A dispute between two of Australia’s best-known property companies has boiled over into public after builder Grocon put two subsidiaries into voluntary administration in the middle of a court battle with Dexus over a $28 million lease claim against it by the country’s largest office landlord.
Grocon executive Daniel Grollo on Friday called the decision to put the two units into adminstration regrettable but said he was forced to do it after Dexus – whose attitude he called “unreasonable and disappointing” – escalated its demands for payment even though a court process was continuing.
A Grocon spokeswoman declined to give more detail about the demands the company said Dexus had made.
“I don’t think we want to go in to specifics on that,” she said.
The dispute arises out of unpaid lease obligations stretching over three years Grocon had to Dexus over commercial space it occupied at 480 Queen Street. Dexus said it and Grocon entered had an agreement to restructure and extend the payment terms, but that Grocon had not complied with the agreement.
Dexus took Grocon to the Federal Court in Victoria in February and the two parties were due to go to the Federal Court of Appeal next month. Dexus, which says it expected judgment to be handed soon after the November 22 hearing, accused Grocon of avoiding judgment by putting the two entities, Grocon Constructors (Qld) Pty Ltd and Grocon Constructors (Vic) Pty Ltd, into administration.
Dexus’ general counsel and company secretary Brett Cameron said Grocon “appears to be seeking to avoid the court hearing by winding up these entities.”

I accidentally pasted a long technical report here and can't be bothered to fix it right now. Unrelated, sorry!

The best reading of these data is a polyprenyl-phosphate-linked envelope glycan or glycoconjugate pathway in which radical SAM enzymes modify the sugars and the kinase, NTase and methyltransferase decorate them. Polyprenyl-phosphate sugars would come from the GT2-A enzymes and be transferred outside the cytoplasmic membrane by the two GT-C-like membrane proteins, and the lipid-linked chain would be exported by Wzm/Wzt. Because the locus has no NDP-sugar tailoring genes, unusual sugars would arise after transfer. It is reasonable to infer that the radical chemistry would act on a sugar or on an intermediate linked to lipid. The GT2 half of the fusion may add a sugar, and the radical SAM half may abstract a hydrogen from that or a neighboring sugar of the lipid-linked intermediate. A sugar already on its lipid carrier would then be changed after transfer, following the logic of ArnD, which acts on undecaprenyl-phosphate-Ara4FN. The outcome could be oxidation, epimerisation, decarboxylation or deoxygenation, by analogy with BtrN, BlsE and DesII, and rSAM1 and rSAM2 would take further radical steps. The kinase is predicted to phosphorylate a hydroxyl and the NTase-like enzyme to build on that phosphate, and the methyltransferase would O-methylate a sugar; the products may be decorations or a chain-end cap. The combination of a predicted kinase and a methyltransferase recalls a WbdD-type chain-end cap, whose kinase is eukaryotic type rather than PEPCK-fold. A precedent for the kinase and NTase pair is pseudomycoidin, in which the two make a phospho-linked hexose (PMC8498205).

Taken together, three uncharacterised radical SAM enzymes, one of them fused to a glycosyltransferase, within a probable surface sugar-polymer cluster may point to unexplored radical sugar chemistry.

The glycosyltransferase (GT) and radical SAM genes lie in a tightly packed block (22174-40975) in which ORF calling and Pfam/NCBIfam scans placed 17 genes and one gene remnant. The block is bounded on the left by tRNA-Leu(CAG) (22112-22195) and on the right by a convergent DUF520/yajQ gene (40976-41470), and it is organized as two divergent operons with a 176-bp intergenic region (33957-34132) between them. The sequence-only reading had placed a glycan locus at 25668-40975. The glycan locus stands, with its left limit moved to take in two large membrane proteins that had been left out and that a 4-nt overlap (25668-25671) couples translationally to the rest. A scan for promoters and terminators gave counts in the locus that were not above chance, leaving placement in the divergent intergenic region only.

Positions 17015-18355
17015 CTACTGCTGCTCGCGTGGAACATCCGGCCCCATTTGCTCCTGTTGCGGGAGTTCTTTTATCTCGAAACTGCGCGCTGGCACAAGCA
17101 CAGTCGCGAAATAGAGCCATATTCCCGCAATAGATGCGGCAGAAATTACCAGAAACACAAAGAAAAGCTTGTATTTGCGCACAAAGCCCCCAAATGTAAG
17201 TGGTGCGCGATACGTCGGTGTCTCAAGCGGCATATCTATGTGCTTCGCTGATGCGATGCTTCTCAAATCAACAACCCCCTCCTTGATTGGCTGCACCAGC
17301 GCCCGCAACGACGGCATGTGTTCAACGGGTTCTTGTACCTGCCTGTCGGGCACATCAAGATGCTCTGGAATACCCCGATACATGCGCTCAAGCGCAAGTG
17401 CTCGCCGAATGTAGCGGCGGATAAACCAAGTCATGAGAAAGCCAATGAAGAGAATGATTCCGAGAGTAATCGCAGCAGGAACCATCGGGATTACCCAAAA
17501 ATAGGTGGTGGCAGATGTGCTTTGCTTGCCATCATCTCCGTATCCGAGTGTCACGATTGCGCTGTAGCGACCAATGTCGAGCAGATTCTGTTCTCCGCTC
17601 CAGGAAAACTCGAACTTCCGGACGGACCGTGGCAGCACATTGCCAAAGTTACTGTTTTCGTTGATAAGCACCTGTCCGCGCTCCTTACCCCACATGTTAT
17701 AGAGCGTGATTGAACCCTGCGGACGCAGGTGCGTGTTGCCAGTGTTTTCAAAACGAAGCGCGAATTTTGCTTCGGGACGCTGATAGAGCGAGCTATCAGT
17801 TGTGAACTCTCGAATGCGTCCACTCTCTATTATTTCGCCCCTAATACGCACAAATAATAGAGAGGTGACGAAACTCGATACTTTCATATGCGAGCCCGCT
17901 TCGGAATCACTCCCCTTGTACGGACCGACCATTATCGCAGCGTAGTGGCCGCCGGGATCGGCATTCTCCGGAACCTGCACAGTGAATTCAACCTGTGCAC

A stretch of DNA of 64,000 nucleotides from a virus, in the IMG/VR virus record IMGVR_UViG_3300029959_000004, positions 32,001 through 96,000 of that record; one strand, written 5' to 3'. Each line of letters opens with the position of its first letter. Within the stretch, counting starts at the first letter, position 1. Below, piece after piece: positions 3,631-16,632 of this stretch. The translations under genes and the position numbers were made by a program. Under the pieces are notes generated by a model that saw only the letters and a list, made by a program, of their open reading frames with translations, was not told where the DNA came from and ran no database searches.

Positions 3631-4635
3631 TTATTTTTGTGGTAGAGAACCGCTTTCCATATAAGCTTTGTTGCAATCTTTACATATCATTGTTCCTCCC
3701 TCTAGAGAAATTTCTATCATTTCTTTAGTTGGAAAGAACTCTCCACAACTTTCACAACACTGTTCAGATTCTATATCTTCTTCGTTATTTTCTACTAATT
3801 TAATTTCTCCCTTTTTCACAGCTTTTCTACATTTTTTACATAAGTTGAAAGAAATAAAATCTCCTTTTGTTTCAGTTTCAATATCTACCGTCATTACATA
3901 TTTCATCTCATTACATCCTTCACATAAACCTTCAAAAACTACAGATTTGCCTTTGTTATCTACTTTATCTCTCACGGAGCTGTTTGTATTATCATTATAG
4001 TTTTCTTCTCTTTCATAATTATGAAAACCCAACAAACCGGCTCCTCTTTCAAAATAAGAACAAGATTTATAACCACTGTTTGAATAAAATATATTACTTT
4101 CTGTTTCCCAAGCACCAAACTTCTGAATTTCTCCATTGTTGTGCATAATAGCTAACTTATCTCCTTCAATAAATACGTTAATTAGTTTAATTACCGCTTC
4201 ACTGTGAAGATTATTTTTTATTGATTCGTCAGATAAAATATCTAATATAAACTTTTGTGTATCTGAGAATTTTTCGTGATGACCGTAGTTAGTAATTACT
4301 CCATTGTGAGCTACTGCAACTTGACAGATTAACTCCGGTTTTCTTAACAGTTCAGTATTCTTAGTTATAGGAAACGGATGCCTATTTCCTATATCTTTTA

Grocon also developed the office tower, which it sold to Dexus and the Dexus Wholesale Property Fund. In a matter unrelated to the $28 million spat, The Australian Financial Review’s Street Talk column last year reported that Grocon was pressured by rental guarantee obligations it had relating to the “lease tails” of tenants it drew out of other buildings to 480 Queen Street.
Grocon suffered a $27.5 million loss in the 2017 year, prompting auditor PwC to report that “material uncertainty” cast doubt on its ability to continue as a going concern.
The privately owned builder on Friday said it had appointed John Park of FTI Consulting in Brisbane, as joint and several voluntary administrator of two subsidiaries.
Grocon said it both subsidiaries were dormant and had no employees. Their administration would not affect the builder’s other projects, including The Ribbon in Sydney and Northumberland in Melbourne, it said.
“Grocon has developed and constructed billions of dollars of real estate for Dexus over the years and its attitude to this matter is both unreasonable and disappointing,” Mr Grollo said.
“Unfortunately, Dexus’ reluctance to wait until the Court matter is concluded, means that Grocon has been left with no choice. The voluntary administration process will ultimately resolve the situation.”
The Australian Financial Review in 2017 reported that a steel-fixing subcontractor filed for bankruptcy after Grocon failed to the $600,000 it owed E&S Reinforcements over the construction of 480 Queen Street. The Construction, Forestry, Mining and Energy Union said Grocon had not paid several groups of sub-contractors in Queensland for six to eight months.